Meshuggah is a behemoth. Their rhythms are jarring for most listeners due to their usage of poly meter rhythms, and their unbridled dedication to the atonal. For the longest time, I could not stand them.
But I was stricken by curiosity. In the metal world, Meshuggah are fairly popular. Influential even. But why? It is rare that I become so absorbed in the why rather than the simplicity of how I feel about something and then moving on to something more suited to my tastes. But I digress.
A few weeks ago I spent a fortnight listening to little else as I studied and wondered if at some point it would just click. Gradually the bands later work’s rhythmic grooves became easier to identify underneath the rhythmic complexity, and after a time this acceptance of later work fostered an appreciation for the bands earlier material as well. While I would not consider myself a huge fan of the band I started to anticipate the bands latest offering “Koloss”. Its out now finally and documented here are my thoughts on Meshuggah’s first album in 4 year
One thing that has gradually surfaced in Meshuggah albums since the release of “Catch 33″ has been Meshuggah’s willingness to marry odd guitar timings with more accessible drum beats. This new direction gathered steam with the release of Meshuggah’s last album “Obzen” and continues on this release. Guitar solo’s are now more melodic despite the atonal nature of the rhythm section. The rhythm guitars create grooves that are now catchy at times, a fact that is bewildering given the bands fastidious dedication to mind numbingly obtuse grooves in the past.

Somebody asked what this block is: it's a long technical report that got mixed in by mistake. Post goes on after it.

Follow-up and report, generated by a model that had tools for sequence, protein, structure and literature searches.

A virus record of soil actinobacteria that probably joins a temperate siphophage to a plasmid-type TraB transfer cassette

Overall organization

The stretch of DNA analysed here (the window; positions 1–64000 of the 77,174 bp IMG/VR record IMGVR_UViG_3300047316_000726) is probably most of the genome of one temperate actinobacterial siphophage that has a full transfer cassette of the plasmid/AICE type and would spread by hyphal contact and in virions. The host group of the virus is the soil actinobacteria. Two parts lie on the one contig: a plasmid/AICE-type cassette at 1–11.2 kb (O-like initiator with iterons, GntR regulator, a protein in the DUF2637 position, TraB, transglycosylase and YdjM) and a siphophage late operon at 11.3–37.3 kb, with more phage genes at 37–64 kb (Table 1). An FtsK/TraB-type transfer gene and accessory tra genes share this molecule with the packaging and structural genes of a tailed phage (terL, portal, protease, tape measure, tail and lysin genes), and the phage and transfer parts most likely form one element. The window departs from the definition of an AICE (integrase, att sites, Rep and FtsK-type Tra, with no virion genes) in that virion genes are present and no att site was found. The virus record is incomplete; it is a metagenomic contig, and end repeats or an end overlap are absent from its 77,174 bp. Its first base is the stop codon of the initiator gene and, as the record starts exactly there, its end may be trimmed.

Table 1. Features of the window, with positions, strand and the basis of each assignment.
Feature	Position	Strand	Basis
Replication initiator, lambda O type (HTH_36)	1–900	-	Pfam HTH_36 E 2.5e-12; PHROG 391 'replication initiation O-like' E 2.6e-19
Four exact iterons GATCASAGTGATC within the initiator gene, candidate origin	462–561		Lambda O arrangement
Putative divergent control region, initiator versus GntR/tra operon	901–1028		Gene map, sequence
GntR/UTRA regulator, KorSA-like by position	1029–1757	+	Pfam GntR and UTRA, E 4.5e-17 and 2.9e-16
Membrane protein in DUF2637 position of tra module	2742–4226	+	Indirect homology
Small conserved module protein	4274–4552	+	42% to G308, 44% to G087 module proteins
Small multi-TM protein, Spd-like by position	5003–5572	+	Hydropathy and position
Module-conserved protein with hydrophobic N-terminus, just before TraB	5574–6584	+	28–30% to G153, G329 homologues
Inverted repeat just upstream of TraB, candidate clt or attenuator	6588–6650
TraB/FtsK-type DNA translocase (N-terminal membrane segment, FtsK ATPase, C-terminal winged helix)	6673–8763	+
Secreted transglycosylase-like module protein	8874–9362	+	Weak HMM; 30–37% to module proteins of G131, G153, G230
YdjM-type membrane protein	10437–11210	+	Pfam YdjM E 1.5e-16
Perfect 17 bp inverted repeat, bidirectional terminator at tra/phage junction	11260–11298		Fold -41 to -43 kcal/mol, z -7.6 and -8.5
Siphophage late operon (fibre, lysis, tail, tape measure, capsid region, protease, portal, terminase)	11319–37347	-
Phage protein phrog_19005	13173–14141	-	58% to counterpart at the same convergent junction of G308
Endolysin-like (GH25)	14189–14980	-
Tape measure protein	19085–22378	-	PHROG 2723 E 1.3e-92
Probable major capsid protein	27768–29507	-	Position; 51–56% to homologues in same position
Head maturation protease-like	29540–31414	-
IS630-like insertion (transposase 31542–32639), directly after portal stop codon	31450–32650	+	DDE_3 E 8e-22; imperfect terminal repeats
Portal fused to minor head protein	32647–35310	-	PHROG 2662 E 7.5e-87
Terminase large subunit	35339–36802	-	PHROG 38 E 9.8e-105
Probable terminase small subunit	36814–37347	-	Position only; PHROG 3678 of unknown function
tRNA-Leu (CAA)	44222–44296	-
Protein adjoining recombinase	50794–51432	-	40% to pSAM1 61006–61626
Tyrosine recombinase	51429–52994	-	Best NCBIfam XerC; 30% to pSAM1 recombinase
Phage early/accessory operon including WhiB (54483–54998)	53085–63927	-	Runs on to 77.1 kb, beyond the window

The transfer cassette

In the vocal department, Jen’s Kidmann would benefit the bands sound more if he utilised a more diverse palatte of screams, but seeing as he has stuck with this style since the bands seminal “Destroy Erase Improve”, this does not come off as being too disappointing, though one might consider the other progressions the band has made and wonder why such progression couldn’t have been apparent there also.
Overall whilst being a solid offering, Koloss does little to build upon the creative progress of its predecessor and even sounds a little tired at times. If you are a dedicated Meshuggah fan you will still find a lot to like here, but more casual listeners would be better served to stick with Obzen.
Stand out tracks: Do not look down, Marrow.